In January’s blog post, I committed to setting an intention every morning in order to bring focus to my day. In February’s blog post , I layered in 10 minutes of meditation every day. Habit #1 of 6 – Setting Intentions Read January’s post
Wake-up time: Before getting out of bed, before even opening your eyes, practice the art of setting intentions for the day. This will help to gain and maintain focus throughout the day. A focused mind is a more confident mind.
Habit #2 of 6 – 10 minutes of Mindfulness Meditation Read February’s post First thing after getting out of bed: Take 10 minutes to meditate! (There are many meditation tools and apps out there. Some of my favorites are Headspace and Buddhify.) A reassuring thought; even if you don’t manage to clear your head of thoughts for the entire 10min., you still get benefits; feeling grounded, at peace with yourself, and unhurried as you start the day.
Now it is time to bring in the third step of our routine. We’re still setting an intention every morning, still going to meditate for 10 minutes and now it will be after a good night’s rest! This month’s step of the morning routine starts the night before.
The next step in the Confidence-Building Morning Routine: 8 hours of sleep!
Habit #3 – 8 hours of sleep
Last fall, I got the honor of running a Sleep Workshop for a prominent pharmaceutical company. It was a wake-up call (literally!) as I did my research and learned how critical it is to get 8, (or at the very least 7) hours of sleep each night. Ariana Huffington insists sleep deprivation is the new smoking. She thinks that soon people will stop bragging about how little they sleep and it will be unethical and maybe even illegal to require employees to work so much that they cannot get a full night’s rest. In fact, the World Health Organization now classifies night shift work as a probable carcinogen.
Thanks to Matthew Walker, professor of neuroscience and author of the new book Why We Sleep, there is new information available which shows what actually happens to our brain and body as we sleep. They have found that there is a direct link between lack of sleep and Alzheimer’s disease, cancer, diabetes, weight issues, and the list goes on…. I learned that you cannot skip sleep during the week and make up for it at the weekend. Even one night of lack of sleep has detrimental effects.
Being in the business of learning, I found it especially interesting to find out that sleep after learning something new is essential in order to not forget what you just learned. Also sleeping well before learning prepares your brain, like squeezing out a wet sponge. Without sleep the sponge is waterlogged and cannot take on new info. In fact, they now know there is a 40% deficit in the ability of the brain to make new memories if you have sleep deprivation. Why? The hippocampus is the memory inbox of your brain. It receives new files and holds on to them. Sleep deprivation shuts down the activity in the hippocampus. What is it about sleep that promotes learning and memory? There are powerful brain waves that happen when you sleep that protect and refresh your memory and learning. They now believe that our memories fade with age only when there is sleep deprivation.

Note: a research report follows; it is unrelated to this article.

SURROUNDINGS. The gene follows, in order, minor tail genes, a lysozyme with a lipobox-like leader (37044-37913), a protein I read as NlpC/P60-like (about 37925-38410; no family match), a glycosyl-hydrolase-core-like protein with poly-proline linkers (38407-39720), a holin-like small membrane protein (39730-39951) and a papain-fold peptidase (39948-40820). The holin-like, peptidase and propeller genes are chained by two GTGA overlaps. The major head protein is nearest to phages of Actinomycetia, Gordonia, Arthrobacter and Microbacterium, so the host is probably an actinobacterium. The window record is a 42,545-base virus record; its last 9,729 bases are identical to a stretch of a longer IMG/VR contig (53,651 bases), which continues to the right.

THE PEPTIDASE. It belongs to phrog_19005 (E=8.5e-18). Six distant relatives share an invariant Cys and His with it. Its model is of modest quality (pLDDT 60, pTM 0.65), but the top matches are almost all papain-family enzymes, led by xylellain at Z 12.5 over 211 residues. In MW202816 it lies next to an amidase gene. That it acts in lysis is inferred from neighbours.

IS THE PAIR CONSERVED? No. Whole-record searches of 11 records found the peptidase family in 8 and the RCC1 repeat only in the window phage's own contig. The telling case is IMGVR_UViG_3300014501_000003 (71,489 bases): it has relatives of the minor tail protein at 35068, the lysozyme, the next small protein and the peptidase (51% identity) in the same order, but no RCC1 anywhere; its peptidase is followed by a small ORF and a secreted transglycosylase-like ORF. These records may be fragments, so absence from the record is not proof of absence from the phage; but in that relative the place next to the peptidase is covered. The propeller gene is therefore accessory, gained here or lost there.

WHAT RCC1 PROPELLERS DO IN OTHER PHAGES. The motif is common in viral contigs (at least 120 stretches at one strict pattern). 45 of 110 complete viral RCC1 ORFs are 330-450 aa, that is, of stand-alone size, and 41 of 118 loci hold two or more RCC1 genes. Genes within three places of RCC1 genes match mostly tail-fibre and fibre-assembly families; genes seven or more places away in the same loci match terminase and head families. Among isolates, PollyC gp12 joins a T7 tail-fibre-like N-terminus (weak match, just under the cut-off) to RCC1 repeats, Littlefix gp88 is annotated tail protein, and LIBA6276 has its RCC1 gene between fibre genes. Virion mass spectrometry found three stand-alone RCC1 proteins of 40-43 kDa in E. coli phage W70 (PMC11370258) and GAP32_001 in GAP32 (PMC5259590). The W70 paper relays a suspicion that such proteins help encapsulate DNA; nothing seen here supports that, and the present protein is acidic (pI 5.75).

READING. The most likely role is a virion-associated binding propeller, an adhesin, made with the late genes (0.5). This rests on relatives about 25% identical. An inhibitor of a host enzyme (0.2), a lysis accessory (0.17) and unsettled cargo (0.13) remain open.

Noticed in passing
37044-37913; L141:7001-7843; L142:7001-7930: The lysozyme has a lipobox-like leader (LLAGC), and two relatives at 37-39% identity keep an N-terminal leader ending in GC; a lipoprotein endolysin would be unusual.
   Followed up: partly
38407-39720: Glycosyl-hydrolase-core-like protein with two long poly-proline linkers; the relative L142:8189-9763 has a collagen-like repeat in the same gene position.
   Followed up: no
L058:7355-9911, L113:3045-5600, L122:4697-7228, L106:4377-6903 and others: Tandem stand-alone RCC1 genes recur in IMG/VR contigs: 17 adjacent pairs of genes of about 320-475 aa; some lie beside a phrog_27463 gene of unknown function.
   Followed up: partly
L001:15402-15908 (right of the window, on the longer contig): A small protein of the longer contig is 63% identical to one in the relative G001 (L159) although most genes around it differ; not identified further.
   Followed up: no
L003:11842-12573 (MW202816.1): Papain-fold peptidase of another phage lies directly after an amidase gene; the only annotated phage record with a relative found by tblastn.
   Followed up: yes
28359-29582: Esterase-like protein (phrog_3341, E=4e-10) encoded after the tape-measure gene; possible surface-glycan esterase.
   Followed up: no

Another reason to prioritize sleep; stabilize and support your mental health. We process emotional events of the day during the night. The reactivity in our amygdala can be twice as high as normal when we are deprived of sleep. That is why depression, anxiety and other psychiatric disorders are always correlated with sleep problems. There is also a 70% reduction in immune system after just one night of 4h-5h of sleep. In fact, there is a 2014 study that suggests that losing just one hour of sleep can be detrimental. How do they know? The average number of Monday morning heart attacks rises by 25% after daylight savings robs us of an hour and diminishes by 21% later in the year when we gain one.
Sleep is the single most effective thing you can do to reset your body health every day!
Tips for better sleep:
- Get in bed 8.5 hours before you want to wake up. Give yourself time to wind down.
- Have a “digital sunset” no screens or devices for 60-90 min before bed.
- Avoid caffeine and alcohol – turns out they do not help us be awake or fall asleep as they are famous for…
- If you get insomnia during the night – get out of bed right away and have a cup of herbal tea or write down what you are thinking about. Go back to bed after 15 min or so and try again.
- Make your room pitch black – even little LEDs can disturb sleep
- Go to bed and wake up at the same time every day
- Make sure your room is cool at night
How does sleep impact your confidence? Ask yourself, last time you felt sleep deprived, were you at your best? Chances are you were not thinking clearly, and it is very hard to be confident when our head is in a fog. The worst part is, it turns out we are very bad judges of the impact sleep impairment has on us.
Wishing you all a good night!!
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